El-Chantiry: dine-in ban timing terrible

WEST CARLETON – Right before the official start of Thanksgiving Weekend (Oct. 9), as COVID-19 numbers skyrocketed in the province, the Doug Ford Conservative government announced it was banning dine-in eating at restaurants in Ottawa, Toronto and the Peel Region in an effort to control the spike in cases in those three locations.

West Carleton Coun. Eli El-Chantiry says the timing of the announcement couldn’t have been worse.

“I find the timing disheartening,” El-Chantiry told West Carleton Online Saturday, Oct. 10. “Why didn’t you make the decision earlier in the week?”

Before El-Chantiry was a councillor, he had a 33-year career as a restaurateur, including many years spent as the owner of the Lighthouse Restaurant in Constance Bay. He knows what kind of work goes in to preparing for Thanksgiving Weekend. Lots of turkey bought for the festive meals restaurants serve over the weekend, potentially gone to waste.

El-Chantiry feels these new restrictions are related to the “two idiots,” who went bar hopping on Elgin Street while awaiting their COVID-19 test results in early October. That event eventually closed down five bars on the street.

El-Chantiry feels restaurants have been playing ball in regards to COVID-19 safety procedures and these closures are going to hurt an already beleaguered industry.

“Where is the evidence that supports this decision?” El-Chantiry said. “There was quite a bit of debate on the decision to close the restaurants. But we don’t know what the evidence is to back the decision. I’ve supported the premier in all his COVID-19 decisions, but this one, I’m in disagreement with.”

Federally, Restaurants Canada, a not-for-profit lobbying group and national association, was also opposed to the dine-in closure.

“Ontario’s restaurants have made major investments in health and safety equipment and training so they could continue serving their communities throughout the COVID-19 pandemic,” Restaurants Canada vice president, Central Canada. James Rilett said. “They are now being asked to severely restrict their operations to help the province contain rising community spread. Doing so will come at a steep economic cost for communities impacted by these restrictions if all levels of government don’t step up with emergency assistance to help them pull through.”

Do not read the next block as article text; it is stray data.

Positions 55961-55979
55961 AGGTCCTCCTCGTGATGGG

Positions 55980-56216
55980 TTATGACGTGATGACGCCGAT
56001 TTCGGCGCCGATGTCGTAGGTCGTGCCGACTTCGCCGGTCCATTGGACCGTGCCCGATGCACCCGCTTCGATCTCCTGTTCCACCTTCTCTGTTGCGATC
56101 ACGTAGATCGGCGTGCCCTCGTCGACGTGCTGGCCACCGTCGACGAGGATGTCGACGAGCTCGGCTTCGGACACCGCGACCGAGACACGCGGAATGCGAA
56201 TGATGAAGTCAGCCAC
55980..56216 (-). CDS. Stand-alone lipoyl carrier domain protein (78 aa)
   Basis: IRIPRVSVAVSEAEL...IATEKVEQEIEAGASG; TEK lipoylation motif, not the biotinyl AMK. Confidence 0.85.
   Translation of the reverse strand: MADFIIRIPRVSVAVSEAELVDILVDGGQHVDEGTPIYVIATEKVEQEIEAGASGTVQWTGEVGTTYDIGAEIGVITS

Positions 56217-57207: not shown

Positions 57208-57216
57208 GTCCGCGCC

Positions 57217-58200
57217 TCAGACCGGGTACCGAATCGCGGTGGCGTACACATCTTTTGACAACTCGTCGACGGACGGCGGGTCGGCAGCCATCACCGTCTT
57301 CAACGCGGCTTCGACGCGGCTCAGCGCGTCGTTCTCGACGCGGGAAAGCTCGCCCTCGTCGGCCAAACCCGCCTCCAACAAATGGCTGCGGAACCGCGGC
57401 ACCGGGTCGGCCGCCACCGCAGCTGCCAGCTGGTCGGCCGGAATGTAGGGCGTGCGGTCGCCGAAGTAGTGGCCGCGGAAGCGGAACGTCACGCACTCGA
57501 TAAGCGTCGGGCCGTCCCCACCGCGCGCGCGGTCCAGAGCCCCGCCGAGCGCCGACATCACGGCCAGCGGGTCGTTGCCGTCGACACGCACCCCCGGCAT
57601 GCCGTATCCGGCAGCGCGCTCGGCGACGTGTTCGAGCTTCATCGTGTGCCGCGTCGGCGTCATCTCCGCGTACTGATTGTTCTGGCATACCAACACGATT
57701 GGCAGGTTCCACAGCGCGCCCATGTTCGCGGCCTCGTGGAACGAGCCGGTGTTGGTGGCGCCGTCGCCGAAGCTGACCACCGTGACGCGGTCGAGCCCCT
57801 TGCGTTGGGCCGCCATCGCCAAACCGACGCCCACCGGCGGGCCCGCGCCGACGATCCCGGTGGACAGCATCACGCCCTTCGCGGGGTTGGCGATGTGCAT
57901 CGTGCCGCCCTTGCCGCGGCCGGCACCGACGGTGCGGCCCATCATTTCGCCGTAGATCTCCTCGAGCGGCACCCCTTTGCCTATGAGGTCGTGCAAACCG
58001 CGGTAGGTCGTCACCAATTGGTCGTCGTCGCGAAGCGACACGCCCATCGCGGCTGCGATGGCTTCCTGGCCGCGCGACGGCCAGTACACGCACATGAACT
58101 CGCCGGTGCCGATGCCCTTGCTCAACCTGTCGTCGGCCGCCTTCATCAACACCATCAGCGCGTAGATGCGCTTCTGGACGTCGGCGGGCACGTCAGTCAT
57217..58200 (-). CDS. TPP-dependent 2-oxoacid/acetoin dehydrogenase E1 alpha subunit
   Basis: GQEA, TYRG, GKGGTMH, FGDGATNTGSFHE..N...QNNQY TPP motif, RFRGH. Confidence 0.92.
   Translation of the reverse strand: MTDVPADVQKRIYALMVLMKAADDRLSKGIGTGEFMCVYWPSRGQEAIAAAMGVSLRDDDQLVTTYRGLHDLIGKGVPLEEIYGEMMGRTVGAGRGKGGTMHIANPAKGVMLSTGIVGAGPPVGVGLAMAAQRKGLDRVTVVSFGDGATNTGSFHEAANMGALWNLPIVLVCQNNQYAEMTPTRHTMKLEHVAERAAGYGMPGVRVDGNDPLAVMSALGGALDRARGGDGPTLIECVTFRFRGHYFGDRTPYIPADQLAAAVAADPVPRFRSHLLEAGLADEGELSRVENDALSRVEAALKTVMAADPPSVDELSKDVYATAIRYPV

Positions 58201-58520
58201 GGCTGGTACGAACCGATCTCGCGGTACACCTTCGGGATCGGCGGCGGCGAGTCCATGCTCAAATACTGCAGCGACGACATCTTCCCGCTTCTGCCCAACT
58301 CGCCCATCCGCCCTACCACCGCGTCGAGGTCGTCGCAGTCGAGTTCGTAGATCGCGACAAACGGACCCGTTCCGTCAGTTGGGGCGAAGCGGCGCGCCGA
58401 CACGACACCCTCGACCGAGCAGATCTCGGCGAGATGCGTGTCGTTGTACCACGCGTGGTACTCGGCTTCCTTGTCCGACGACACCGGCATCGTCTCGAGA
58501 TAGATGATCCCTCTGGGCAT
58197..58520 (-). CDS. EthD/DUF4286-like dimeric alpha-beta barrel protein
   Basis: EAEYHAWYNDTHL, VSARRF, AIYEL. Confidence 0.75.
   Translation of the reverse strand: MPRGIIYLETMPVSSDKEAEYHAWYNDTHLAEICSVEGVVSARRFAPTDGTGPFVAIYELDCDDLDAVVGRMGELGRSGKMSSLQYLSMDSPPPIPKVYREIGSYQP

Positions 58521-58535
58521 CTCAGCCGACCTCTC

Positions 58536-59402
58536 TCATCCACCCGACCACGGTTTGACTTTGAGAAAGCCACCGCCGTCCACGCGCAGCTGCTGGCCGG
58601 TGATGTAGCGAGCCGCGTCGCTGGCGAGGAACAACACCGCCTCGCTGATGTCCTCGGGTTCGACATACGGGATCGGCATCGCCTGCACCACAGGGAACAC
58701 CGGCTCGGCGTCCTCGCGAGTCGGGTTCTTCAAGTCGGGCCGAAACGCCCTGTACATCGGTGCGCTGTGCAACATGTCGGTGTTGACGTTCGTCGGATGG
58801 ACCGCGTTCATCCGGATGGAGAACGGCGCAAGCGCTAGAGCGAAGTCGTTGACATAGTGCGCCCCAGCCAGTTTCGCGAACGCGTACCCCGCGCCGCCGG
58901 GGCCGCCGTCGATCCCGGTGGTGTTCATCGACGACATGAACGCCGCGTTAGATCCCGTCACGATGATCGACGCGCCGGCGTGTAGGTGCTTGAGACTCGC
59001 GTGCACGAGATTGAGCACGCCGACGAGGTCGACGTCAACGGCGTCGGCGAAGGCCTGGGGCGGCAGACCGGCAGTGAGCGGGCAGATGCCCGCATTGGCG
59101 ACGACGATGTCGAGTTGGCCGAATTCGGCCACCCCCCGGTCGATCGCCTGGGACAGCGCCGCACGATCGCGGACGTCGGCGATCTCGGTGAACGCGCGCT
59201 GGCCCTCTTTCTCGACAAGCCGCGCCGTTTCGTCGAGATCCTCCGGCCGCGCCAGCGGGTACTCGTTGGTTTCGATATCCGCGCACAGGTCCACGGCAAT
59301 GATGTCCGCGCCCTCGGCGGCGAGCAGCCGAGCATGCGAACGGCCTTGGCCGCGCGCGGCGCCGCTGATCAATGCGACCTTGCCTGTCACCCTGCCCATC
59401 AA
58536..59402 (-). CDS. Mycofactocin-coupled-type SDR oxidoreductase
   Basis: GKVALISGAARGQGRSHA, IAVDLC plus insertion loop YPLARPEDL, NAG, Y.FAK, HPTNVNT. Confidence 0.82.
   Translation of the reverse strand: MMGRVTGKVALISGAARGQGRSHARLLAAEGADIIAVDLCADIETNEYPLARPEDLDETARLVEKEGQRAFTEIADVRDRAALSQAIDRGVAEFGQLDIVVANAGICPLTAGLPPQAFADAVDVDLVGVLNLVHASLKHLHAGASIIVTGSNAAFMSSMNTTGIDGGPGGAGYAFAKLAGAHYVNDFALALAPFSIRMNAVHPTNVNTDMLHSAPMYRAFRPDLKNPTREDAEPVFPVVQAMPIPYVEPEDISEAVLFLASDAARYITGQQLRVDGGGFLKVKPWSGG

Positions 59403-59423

Ontario’s foodservice industry lost more than 215,000 jobs by April and is on track to lose as much as $17.8 billion in annual sales compared to 2019 due to the impacts of COVID-19, Restaurants Canada says.

In West Carleton, the Juke Joint Soul Kitchen was ahead of the curve. On Oct. 6, co-owner Corri Greenberg announced it was suspending its dine-in operation.

“In light of the recent rise in COVID-19 numbers and in the interest of keeping everyone, our staff, family, and customers, safe, we are choosing to revert back to take-out only,” she said at the time.

Those who have stayed open, tell the councillor the new restriction will be challenging.

“The people who reached out to me are frustrated,” El-Chantiry said. “They were shopping Wednesday and Thursday, getting ready for the weekend. Then Friday at 2:30 p.m., the government shuts them all down.”

El-Chantiry finds the restriction at odds with the current situation.

“All along (Ford) has done a good job and said he was making evidence-based decisions,” El-Chantiry said. “Why 100 people can be at Walmart but our small businesses have to shut down? How is West Carleton going to compete with places in Arnprior where you can go and sit down for a meal?”

Aside from El-Chantiry’s long career in the food service industry. He also sits on the city’s Economic Recovery Taskforce, the Busines Advisory committee since 2005 and is the mayor’s representative on the City of Ottawa’s 19 Business Improvement Areas.

He said he had no inkling this restriction was coming until he heard about it Friday.

“I didn’t know anything,” El-Chantiry said. “I had people call me, ‘did you know?’ No. ‘Did you have any hint?’ No.”

At tomorrow’s (Oct. 13) council meeting, El-Chantiry says he will be introducing a motion asking council to officially support n Ottawa Coalition of Business Improvement Areas (OCOBIA) “strongly-worded letter to Premiere Ford to request the province’s reconsideration of their policies due to the extremely negative impact to small business.”

I have been very vocal since the latest provincial restrictions went into effect, which are doing great harm to our Ottawa small businesses community,” El-Chantiry said. “In many cases, these latest restrictions will be the final nail in the coffin for many local businesses. My hope is that getting city council’s support of OCOBIA will add some additional pressure on the province to reconsider some of their latest restrictions and policies.”

El-Chantiry shares the frustration restaurant owners are feeling.

“If I sound passionate, it’s because I feel for these people,” he said. “Having to tell the single mom, ‘sorry, don’t come in to work tomorrow.’ I know servers that make well over $100 in tips on a Thanksgiving Weekend day.”